- performed with a gliding effect by sliding one or more fingers rapidly over the keys of a piano or strings of a harp.
- a glissando passage.
- (in string playing) a slide.
Origin of glissando
1870–75; < French gliss(er) to slide + Italian -ando gerund ending
Dictionary.com Unabridged Based on the Random House Unabridged Dictionary, © Random House, Inc. 2018
Examples from the Web for glissando
A glissando of joy burned his eardrums, and he could not face that living splendor.Felony
Sign,—same as a muted note, but written at the end of a glissando.
It might be added, though, that the glissando is an effect which should not be overdone.Violin Mastery
Frederick H. Martens
The glissando passages in sixths are impossible on modern instruments.Nicolo Paganini: His Life and Work
Stephen Samuel Stratton
The sudden diminuation of tone taken with a glissando gives an effect something like a short groan.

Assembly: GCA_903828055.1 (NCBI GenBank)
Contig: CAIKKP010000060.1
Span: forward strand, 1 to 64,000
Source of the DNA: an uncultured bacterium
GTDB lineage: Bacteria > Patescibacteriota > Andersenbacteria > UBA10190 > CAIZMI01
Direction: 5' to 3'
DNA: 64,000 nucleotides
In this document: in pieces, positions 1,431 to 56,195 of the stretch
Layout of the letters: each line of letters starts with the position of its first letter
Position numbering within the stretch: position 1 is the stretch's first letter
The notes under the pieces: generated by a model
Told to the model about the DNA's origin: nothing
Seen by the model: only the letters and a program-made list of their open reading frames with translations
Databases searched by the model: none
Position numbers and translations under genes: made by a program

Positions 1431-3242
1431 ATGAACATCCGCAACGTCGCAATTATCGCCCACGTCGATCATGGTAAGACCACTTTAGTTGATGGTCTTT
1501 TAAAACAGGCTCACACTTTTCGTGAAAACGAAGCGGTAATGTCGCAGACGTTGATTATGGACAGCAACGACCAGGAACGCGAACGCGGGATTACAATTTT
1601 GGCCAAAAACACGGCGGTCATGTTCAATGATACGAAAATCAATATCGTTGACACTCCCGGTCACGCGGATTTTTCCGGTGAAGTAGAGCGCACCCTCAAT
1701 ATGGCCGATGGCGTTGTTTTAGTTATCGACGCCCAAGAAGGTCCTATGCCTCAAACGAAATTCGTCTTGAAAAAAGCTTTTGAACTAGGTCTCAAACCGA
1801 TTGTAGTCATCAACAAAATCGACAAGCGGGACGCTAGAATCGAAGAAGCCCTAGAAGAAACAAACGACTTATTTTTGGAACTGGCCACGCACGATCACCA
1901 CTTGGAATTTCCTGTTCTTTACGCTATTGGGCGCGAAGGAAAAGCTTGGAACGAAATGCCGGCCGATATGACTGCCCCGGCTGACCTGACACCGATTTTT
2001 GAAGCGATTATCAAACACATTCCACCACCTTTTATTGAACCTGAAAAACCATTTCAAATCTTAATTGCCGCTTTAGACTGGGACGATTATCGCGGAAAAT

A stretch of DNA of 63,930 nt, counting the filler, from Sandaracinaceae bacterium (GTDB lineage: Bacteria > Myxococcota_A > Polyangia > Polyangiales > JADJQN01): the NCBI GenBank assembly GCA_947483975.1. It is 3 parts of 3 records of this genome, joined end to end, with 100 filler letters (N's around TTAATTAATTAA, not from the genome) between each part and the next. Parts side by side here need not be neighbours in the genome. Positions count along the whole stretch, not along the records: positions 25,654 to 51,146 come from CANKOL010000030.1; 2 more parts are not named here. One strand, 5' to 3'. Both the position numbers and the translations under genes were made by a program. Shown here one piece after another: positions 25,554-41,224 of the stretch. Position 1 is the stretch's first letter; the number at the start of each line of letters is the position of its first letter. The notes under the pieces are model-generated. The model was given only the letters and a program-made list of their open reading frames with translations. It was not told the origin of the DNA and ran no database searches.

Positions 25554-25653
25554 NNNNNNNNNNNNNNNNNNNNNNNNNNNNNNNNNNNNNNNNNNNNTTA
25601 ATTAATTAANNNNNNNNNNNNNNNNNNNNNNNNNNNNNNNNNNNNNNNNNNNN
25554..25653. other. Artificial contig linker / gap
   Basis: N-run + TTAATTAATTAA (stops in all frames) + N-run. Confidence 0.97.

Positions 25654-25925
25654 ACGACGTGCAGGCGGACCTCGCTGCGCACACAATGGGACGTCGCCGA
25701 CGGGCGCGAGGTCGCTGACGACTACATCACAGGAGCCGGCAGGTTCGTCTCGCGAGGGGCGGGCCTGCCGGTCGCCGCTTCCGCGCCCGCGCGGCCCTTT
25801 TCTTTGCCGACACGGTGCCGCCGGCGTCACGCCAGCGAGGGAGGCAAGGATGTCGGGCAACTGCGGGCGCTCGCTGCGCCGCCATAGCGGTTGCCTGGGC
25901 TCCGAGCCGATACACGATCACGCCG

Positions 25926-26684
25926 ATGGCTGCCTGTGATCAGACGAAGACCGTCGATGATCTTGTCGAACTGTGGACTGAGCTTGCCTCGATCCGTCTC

- a rapidly executed series of notes on the harp or piano, each note of which is discretely audible
- a portamento, esp as executed on the violin, viola, etc
C19: probably Italianized variant of glissade
Collins English Dictionary - Complete & Unabridged 2012 Digital Edition © William Collins Sons & Co. Ltd. 1979, 1986 © HarperCollins Publishers 1998, 2000, 2003, 2005, 2006, 2007, 2009, 2012
Word Origin and History for glissando
1873, Italianized form of French glissant, present participle of glisser (see glissade).
Online Etymology Dictionary, © 2010 Douglas Harper